05 Feb Going live at State of the Union
WASHINGTON – Some journalists wait a long time to receive a credential to cover national politics on Capitol Hill. When you get one as a junior year in college – even just for three months – it’s a dream come true.
Covering the president’s big night brings perks – randomly bumping into Sen. John McCain; thrills – bomb squad dogs surprising you behind corners; and new neighbors – correspondents of ABC, CNN, Fox, Bloomberg and The Washington Post casually chatting with us.
As President Barack Obama delivered his fifth State of the Union address Tuesday, Medill News Service reporters Ryan McCrimmon and I, aided by Soad Mana and Marina Cracchiolo, set up the first live televised coverage of the event for Medill. We broadcast for two Bulgarian channels – Bulgarian National Television, one of the three major broadcasters in Bulgaria, and BiT, a Chicago-based network with a niche audience of a few thousand Bulgarians in North America.
As thrilling as it was – stress was there too. We got to Capitol Hill at 5 p.m. — four hours before the president’s speech — to set up at our assigned post: Camera Position Zero in the Senate Russell Rotunda, right in between corespondents of Al Jazeera America and CNBC.
This was my first stand-up. Seconds after Obama ended his speech, BiT anchor Yasen Darakov threw questions at me to analyze it – I didn’t even had a chance to review my notes; I translated on the spot and prayed I would not make Medill’s greatest sin – a factual error.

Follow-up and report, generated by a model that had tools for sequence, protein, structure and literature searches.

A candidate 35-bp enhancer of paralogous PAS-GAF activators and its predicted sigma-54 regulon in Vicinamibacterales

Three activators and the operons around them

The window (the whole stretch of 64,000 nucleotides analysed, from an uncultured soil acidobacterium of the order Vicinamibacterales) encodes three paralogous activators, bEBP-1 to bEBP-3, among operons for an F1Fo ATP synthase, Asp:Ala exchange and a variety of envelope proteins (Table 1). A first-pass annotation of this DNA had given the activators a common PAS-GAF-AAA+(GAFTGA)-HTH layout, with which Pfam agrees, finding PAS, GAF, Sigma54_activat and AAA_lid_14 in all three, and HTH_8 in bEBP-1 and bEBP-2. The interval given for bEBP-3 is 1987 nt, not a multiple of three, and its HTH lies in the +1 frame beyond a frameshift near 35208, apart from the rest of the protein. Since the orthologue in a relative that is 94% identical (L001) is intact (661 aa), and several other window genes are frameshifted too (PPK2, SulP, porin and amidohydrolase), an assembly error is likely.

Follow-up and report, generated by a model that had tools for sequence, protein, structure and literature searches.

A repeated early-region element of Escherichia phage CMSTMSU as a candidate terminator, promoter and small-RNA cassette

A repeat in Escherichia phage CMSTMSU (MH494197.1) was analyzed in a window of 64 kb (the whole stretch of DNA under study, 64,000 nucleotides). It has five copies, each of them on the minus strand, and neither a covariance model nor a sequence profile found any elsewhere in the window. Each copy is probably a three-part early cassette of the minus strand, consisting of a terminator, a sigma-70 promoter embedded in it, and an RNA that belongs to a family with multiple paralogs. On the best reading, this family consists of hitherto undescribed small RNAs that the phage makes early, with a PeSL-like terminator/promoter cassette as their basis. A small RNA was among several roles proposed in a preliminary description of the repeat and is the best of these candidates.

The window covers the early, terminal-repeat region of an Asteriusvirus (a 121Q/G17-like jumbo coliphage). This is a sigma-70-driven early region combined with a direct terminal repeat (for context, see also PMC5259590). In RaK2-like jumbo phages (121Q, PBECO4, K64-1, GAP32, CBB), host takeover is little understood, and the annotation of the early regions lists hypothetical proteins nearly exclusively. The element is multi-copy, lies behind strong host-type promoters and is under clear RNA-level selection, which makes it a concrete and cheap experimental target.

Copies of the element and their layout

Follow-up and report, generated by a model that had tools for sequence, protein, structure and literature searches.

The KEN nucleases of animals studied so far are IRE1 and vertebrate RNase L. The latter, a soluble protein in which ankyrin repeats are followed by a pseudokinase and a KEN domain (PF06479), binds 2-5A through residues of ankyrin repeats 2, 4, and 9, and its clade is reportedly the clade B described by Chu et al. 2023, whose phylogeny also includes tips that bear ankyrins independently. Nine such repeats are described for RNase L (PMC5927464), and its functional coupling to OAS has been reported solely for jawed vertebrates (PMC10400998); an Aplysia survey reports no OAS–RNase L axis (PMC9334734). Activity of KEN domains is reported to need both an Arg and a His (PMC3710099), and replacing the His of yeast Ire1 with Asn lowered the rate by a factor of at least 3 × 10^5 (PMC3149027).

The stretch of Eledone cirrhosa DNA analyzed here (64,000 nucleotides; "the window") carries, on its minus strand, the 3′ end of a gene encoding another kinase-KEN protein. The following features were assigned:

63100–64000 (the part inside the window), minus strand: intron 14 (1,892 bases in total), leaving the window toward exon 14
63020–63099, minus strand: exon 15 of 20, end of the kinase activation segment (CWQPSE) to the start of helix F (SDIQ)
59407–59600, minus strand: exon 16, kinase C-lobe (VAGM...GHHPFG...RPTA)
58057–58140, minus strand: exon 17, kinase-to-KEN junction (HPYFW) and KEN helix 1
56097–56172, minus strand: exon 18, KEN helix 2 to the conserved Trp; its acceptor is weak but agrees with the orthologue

Both channels took a risk with a student reporter live on prime television. In the end, they were pleased.
This is a story of what stayed off-camera on Jan. 28 – how four Northwestern students navigated security, braved technology failures and bloopers to gather news and enjoy the privilege of being part of the State of the Union media coverage.
Wait, first, what is State of the Union?
Loud and frantic, States of the Union is like a Beyonce concert, night at the circus and a Hollywood film set – all at the same time. Cops circle around, Democrats smile and Republicans frown (or the other way around), reporters switch between both states and everyone is armed with a version of the same question, “What did you think of president’s speech?”
Formally, State of the Union is an annual address of the President of the United States to a joint session of Congress. The president is required by constitution to report on the state of the nation and also outlines his legislative agenda. All branches of government – executive, legislative and judicial – are in attendance. This includes supreme court justices, cabinet members, secretaries and the vice president. To prevent decapitation of the United States government in case of a terrorist attack, one cabinet member and a few senators – designated survivors – are relocated to an undisclosed location. They are sworn to secrecy and briefed on emergency procedures.
So, how do you report on such an event?
All the small moving pieces